Jammy Cherry Galette
This impressive and unfussy tart lets the fruit take center stage within a buttery, flaky crust.
Welcome to SAVEUR’s weekly column on how to cook local produce along with our test kitchen manager, Fatima Khawaja. This is where you’ll find creative, unfussy meal ideas plus plenty of cooking advice—like what to do with that bumper crop of zucchini or how to store delicate heirloom tomatoes. Each week, Fatima hits the farmers market and chooses a peak-season ingredient to explore in depth. Follow along, and you’ll learn how to turn the season’s bounty into easy plant-based meals that’ll be on the table in under an hour.
When cherries arrive, they come in abundance. Cardboard boxes overflow with the deep red stone fruit, all plump and juicy with their bendy stems attached. Whether I’m at the farmers market or the grocery, I often secretly taste one to gauge whether they’re ripe enough to buy. Those that pass muster often wind up in a galette, a freeform tart made with pie crust. Cherries are perfect for galettes because they don’t burst or make a mess during baking. Instead they bubble and thicken. What’s not to like about jammy fruit surrounded by sweet, salty, buttery crust?
Cherries come in many colors and types. Sour cherries, which are best for baking, are lighter red than their sweet counterparts, which can be almost black (though some are pinkish yellow). Sweet cherries are more widely available than sour and are sublime in desserts as well—simply lower the sugar accordingly.
When cherries are in season—or on sale!—I buy them in bulk and preserve or freeze (pitted and sealed in a plastic bag) what I don’t use. Thawed and simmered cherries are wonderful for topping ice cream and cakes, and in savory dishes such as this pork belly with buttered corn and cherry-jalapeño relish or this sweet and sour sauce served alongside barbecue chicken.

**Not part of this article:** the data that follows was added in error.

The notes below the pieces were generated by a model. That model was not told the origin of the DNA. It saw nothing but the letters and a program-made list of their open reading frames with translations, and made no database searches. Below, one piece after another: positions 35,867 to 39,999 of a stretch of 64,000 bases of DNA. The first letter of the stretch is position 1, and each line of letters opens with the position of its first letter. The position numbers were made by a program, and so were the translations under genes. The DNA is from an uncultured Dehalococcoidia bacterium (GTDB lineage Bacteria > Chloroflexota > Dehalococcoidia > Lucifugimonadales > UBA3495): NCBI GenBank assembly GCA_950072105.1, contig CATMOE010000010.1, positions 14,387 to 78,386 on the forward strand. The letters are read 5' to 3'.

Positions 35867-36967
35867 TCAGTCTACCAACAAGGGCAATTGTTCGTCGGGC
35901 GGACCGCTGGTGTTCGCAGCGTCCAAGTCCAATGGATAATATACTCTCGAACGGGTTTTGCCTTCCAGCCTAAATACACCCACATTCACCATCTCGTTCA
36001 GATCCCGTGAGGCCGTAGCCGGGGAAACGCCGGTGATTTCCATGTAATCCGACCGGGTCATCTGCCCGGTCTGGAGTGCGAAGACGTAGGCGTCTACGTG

Galettes are great to bring to a picnic or to a friend’s house. They keep well in the fridge and require minimal baking skills. Once you’ve mastered this recipe, I encourage you to venture into savory galettes, like this one filled with pancetta and gruyere.
For the crust:
- 2¼ cups all-purpose flour
- 1 Tbsp. sugar
- 1 tsp. kosher salt
- 12 Tbsp. unsalted butter, cubed and chilled
For the filling:
- 2 lb. cherries, stemmed, pitted, and halved (4 cups)
- ⅓ cup dark brown sugar, plus more for sprinkling
- 3 Tbsp. cornstarch
- 1 Tbsp. finely grated lemon zest
- 1 Tbsp. fresh lemon juice
- ½ tsp. kosher salt
- ½ tsp. vanilla extract, or the seeds from 1 split and scraped vanilla bean
- 2 Tbsp. milk
- 1 large egg
- Make the crust: In a large bowl, whisk together the flour, sugar, and salt. Using a pastry blender or your fingers, work the butter into the flour mixture until pea-size crumbs form. Gradually add 6 tablespoons of ice water, mixing continuously, until you have a cohesive dough with visible flecks of butter. Flatten into a disk, wrap in plastic, and chill for at least 1 hour.
- Meanwhile, make the filling: Position a rack in the center of the oven and preheat to 400ºF. In a bowl, toss together the cherries, sugar, cornstarch, lemon zest, lemon juice, salt, and vanilla and set aside.
- In a small bowl, whisk together the milk and egg; set aside.
- On a floured work surface, use a rolling pin to roll the dough into a round measuring 12 inches in diameter and ¼ inch thick.
- Transfer to a parchment-lined rimmed baking sheet. Mound the cherries and their juices in the center of the dough, leaving a 2–3 inch border of crust. Pleat the dough in a circular fashion to surround and partially cover the fruit, leaving a 5-inch window of fruit exposed. Using a pastry brush, paint the egg wash over the top of the dough, then sprinkle with brown sugar.
- Turn the heat to 375ºF and bake, rotating halfway through cooking, until the crust is golden brown and the fruit is bubbling, about 50 minutes. Cool before cutting into wedges.